Residential and commercial real estate are two different fields in the world of real estate. Although they are distinct, both branches of real estate are influenced by one another. In particular, what happens in a residential area will influence what happens to retail & hospitality in the immediate area. Below are a couple of factors that determine commercial trends in neighborhoods, with real-life examples of cities in California.
1. Large population increases in a community can prompt more demand in retail
Increases in population are directly linked to retail industry growth. If a community sees an increase in population then new retail options will likely appear. According to a report by Mazzone & Associates, the number of stores in an area is correlated with population. This trend is seen particularly in developing master planned communities, where homes and neighborhoods are generally built in stages.
As more people & families move in to these communities, there is a greater need to fulfill the needs of these new households. New grocery stores, pharmacies, “big-box” stores, shopping malls and restaurants will be built to cater to the influx of people that now call the area home. For example, Irvine in Orange County faced a shortage of retail development due to its burgeoning population in the mid-1980s, when it was still a relatively new city. Soon after, plans for 7 shopping centers were developed by the master developer, the Irvine Company. During this process, the first Target opened in the city. In 2015, Irvine was ranked as the 17th best place in the U.S. to start a restaurant. Demand for restaurants in the city is high given its favorable demographics. Among other factors, the study took into account population growth, median income and number of new eateries.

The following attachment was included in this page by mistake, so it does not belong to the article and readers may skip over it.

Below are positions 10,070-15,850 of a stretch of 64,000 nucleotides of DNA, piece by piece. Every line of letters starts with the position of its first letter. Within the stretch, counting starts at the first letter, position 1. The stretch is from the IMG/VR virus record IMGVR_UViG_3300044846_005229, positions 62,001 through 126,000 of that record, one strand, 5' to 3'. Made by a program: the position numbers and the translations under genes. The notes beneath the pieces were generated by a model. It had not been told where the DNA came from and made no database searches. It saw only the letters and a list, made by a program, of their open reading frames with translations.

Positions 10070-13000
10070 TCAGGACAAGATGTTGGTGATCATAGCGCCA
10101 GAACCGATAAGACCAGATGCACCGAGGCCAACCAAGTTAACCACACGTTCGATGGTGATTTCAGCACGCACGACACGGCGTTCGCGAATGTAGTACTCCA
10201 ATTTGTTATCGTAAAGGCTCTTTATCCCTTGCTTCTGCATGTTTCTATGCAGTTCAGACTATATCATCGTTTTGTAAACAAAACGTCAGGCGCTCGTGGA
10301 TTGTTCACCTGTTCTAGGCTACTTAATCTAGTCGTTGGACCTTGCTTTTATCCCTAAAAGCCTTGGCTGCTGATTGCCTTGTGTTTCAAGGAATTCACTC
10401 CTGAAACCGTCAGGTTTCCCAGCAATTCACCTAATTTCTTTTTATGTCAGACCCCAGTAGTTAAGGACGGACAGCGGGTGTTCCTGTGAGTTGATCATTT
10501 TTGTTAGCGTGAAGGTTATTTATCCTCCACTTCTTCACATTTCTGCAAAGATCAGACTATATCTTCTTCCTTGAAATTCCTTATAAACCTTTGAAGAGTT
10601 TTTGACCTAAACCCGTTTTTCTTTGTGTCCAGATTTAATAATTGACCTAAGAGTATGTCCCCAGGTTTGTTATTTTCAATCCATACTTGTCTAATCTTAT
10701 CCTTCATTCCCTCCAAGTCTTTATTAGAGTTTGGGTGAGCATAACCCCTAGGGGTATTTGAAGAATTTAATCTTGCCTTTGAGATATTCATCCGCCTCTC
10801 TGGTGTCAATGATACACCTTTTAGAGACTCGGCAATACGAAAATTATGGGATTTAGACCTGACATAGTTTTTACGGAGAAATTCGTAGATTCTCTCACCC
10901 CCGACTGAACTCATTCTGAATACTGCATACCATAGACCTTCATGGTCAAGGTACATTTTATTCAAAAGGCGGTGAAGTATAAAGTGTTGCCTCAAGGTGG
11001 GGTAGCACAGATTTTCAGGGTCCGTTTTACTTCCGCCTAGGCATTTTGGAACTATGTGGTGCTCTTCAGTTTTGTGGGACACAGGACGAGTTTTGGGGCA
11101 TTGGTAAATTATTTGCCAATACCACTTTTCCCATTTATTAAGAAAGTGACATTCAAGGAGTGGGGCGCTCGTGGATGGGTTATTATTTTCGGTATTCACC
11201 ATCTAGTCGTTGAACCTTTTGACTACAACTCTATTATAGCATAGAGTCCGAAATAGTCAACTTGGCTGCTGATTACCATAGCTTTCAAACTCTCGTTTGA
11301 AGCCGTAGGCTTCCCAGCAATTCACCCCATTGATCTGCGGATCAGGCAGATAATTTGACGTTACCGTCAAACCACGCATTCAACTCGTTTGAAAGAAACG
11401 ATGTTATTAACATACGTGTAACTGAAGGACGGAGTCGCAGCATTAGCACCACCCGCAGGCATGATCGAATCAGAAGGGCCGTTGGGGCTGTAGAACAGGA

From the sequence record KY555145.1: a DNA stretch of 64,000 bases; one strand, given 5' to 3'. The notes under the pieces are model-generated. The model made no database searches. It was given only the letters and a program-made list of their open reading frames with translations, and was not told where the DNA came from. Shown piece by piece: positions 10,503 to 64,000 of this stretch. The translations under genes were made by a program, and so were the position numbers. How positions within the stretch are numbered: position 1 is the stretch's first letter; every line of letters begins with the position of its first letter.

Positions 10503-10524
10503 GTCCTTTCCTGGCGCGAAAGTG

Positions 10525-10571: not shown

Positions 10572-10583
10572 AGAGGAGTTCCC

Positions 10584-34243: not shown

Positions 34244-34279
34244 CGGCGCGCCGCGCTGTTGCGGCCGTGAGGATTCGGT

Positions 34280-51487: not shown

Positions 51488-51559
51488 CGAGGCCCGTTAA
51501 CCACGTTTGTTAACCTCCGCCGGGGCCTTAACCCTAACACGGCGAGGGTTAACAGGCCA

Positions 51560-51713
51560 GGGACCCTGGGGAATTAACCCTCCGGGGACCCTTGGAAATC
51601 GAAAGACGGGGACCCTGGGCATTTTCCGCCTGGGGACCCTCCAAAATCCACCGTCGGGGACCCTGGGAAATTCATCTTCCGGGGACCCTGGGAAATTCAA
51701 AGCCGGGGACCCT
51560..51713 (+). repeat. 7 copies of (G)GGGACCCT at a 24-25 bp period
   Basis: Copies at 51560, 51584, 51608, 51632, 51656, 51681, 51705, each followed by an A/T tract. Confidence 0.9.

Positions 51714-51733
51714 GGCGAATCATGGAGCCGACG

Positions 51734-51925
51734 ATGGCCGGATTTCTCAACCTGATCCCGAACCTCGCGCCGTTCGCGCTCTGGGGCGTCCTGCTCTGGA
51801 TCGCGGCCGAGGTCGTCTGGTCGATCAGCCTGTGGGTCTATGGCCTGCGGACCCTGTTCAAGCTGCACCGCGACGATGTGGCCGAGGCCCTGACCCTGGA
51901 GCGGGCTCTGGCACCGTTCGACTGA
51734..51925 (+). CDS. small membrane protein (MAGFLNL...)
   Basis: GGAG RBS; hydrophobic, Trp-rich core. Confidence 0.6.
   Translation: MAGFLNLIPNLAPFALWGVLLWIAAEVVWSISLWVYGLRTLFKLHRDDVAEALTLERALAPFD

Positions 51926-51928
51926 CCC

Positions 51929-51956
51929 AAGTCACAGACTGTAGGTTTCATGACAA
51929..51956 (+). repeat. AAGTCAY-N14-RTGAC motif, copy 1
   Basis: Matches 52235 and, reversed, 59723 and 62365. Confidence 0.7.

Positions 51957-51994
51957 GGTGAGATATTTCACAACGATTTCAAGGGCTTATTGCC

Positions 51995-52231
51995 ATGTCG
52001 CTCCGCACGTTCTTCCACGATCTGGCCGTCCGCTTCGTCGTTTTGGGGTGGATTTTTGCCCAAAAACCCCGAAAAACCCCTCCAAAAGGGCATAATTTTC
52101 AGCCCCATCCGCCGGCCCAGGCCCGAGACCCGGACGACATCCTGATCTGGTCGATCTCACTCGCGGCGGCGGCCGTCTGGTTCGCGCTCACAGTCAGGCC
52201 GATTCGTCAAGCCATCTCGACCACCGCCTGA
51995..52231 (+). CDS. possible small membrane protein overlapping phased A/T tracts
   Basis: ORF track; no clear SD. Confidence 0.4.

2. Changes in demographics in a residential area can create the need for higher-end stores & restaurants
Changing financial demographics in a residential area can create the demand for higher end retail. Cities or neighborhoods that are seeing people with higher incomes move in prompt luxury retail to replace lower-end stores. In Silicon Valley, the once middle-market Westfield Valley Fair mall opened a luxury area for shoppers last year. New stores include Prada, Louis Vuitton, Tiffany, and Cartier.
Many affluent individuals, particularly those involved in the tech industry, are moving into Santa Clara, the mall’s home base, as well as neighboring cities. Not only does this increase the need for high-end retail, but also increases the number of sophisticated dining options. Previously, the most exciting food in Silicon Valley were in tech companies' cafeterias. Increasingly, more refined restaurants are opening up in the region to cater to tech executives and employees with high disposable incomes.
As we have seen in the examples above, a change in population or income can change a neighborhood’s commercial real estate, bringing in more retail and restaurant options to the area. Moreover, we have seen how residential real estate is intertwined with its commercial cousin, and how they depend on each other for growth.